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N. Korea Abandons Nuke Deal Reached With US

4/18/2012 3:37 AM ET

North Korea on Tuesday said it was no longer bound by an agreement it had reached with the United States in February to freeze its nuclear and missile program in exchange for food aid, pointing out that Washington had failed to honor its commitments made under the deal.

"As the US violated the February 29 DPRK-US agreement through its undisguised hostile acts, we will no longer be bound to it. We have thus become able to take necessary retaliatory measures, free from the agreement." the North's Foreign Ministry said in a strongly-worded statement.

"The US will be held wholly accountable for all the ensuing consequences. Peace is very dear for us but the dignity of the nation and the sovereignty of the country are dearer for us," said the statement, which was carried by the state-run Korean Central News Agency.

"We resolutely and totally reject the unreasonable behavior of the UNSC to violate (our) legitimate right to launch satellites," the statement added, apparently referring to a U.N. Security Council (UNSC) statement issued on Monday condemning a recent North Korean rocket launch.

Last month, North Korea had announced a moratorium on its nuclear tests, uranium enrichment, and long-range missile testing in exchange for food aid, following a third round of talks with the United States in Beijing in February.

Nevertheless, Pyongyang launched what it said was a rocket-mounted satellite into space last Friday, ignoring appeals from the international community to refrain from making such provocative actions. The rocket exploded soon after lift-off and fell into the sea near the Korean peninsula.

The U.S. has since suspended delivery of its planned food aid to North Korea, warning that the botched rocket launch was in direct violation of UNSC resolutions that prohibit North Korea from conducting any launches that use ballistic missile technology.

The failure of the rocket launch, which was carried out to mark the birth centenary of the country's founder Kim Il Sung, is seen as a major setback for North Korea. Pyongyang had boasted earlier that the launch would "offer an important occasion of putting the country's technology of space use for peaceful purposes on a higher stage." However, the United States and its allies considered the satellite launch as a disguised attempt for testing a long-range missile.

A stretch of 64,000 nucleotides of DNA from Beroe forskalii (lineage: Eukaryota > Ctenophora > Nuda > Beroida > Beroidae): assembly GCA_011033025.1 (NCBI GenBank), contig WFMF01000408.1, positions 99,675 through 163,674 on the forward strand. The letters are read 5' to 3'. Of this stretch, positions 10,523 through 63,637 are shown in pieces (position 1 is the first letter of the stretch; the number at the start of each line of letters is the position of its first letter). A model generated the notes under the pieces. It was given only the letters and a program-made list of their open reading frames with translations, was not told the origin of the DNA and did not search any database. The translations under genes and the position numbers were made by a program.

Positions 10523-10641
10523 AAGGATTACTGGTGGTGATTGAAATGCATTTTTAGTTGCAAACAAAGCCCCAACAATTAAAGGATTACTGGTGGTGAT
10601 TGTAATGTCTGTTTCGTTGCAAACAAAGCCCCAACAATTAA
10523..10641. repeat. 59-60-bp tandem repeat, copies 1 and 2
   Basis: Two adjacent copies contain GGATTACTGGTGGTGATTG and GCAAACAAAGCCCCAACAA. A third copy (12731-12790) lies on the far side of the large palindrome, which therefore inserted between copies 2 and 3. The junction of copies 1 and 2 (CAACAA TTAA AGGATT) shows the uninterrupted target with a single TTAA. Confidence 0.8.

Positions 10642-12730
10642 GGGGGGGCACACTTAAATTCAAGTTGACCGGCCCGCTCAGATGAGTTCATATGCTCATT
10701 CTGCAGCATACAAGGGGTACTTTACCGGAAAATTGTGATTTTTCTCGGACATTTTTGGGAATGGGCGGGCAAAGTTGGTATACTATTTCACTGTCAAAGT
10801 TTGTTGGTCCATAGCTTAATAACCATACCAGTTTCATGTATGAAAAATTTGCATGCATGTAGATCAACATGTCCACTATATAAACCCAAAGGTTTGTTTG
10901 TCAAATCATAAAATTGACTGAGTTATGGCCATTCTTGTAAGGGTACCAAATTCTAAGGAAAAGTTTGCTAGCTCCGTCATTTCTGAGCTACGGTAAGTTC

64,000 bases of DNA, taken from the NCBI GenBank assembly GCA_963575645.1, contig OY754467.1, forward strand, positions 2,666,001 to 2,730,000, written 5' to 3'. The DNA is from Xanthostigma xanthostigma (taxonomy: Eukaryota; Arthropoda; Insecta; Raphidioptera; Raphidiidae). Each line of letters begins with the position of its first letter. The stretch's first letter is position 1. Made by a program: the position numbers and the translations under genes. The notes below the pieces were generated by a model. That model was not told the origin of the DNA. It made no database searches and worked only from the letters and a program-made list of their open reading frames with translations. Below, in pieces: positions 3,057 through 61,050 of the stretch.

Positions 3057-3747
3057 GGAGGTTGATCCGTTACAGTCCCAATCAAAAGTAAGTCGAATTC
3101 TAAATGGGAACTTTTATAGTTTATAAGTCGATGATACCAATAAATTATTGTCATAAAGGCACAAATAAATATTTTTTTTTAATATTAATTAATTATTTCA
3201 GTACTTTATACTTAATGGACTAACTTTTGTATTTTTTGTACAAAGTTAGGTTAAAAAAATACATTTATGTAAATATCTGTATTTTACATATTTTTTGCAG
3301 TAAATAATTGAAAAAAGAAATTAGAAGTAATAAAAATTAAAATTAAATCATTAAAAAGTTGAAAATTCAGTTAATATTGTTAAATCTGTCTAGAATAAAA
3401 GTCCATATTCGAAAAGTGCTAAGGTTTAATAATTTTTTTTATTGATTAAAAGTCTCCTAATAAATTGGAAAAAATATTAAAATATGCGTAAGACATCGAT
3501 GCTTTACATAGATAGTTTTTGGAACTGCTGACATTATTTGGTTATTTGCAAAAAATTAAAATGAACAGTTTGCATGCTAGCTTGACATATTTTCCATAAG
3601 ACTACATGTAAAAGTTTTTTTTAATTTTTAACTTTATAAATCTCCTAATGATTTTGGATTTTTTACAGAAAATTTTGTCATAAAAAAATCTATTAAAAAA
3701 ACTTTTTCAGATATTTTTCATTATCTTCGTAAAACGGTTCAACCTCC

The 15-member UNSC condemned the rocket launch, noting that the North's action was in direct violation of previous U.N. resolutions. The Council also ordered tightening of U.N. sanctions already imposed on North Korea over its disputed nuclear and missile programs in 2006 and 2009, and warned of further action if Pyongyang conducted another launch or a new nuclear test.

The UNSC warning came as South Korean media reports citing intelligence officials suggested that North Korea was preparing for a third nuclear test. New satellite images reportedly showed piles of earth and sand at the entrance of a tunnel at the Punggye-ri site, where two nuclear tests were previously conducted in 2006 and 2009. indicating that excavation of a new tunnel at the site is in its final stages.

North Korea had agreed in 2005 to roll back its nuclear program in exchange for aid, but pulled out of the Six-nation talks, involving the two Koreas, the U.S., China, Russia and Japan, on its disputed nuclear and missile programs in April 2009 after the UNSC condemned it for launching a rocket and imposed sanctions on several of its firms.

Soon after walking out of the talks, North Korea expelled U.S. nuclear experts and IAEA inspectors monitoring its Yongbyon nuclear complex, conducted its second nuclear test in May 2009 and test-firing of several ballistic missiles. The UNSC responded to the actions by slamming tougher sanctions on the reclusive country.

by RTT Staff Writer

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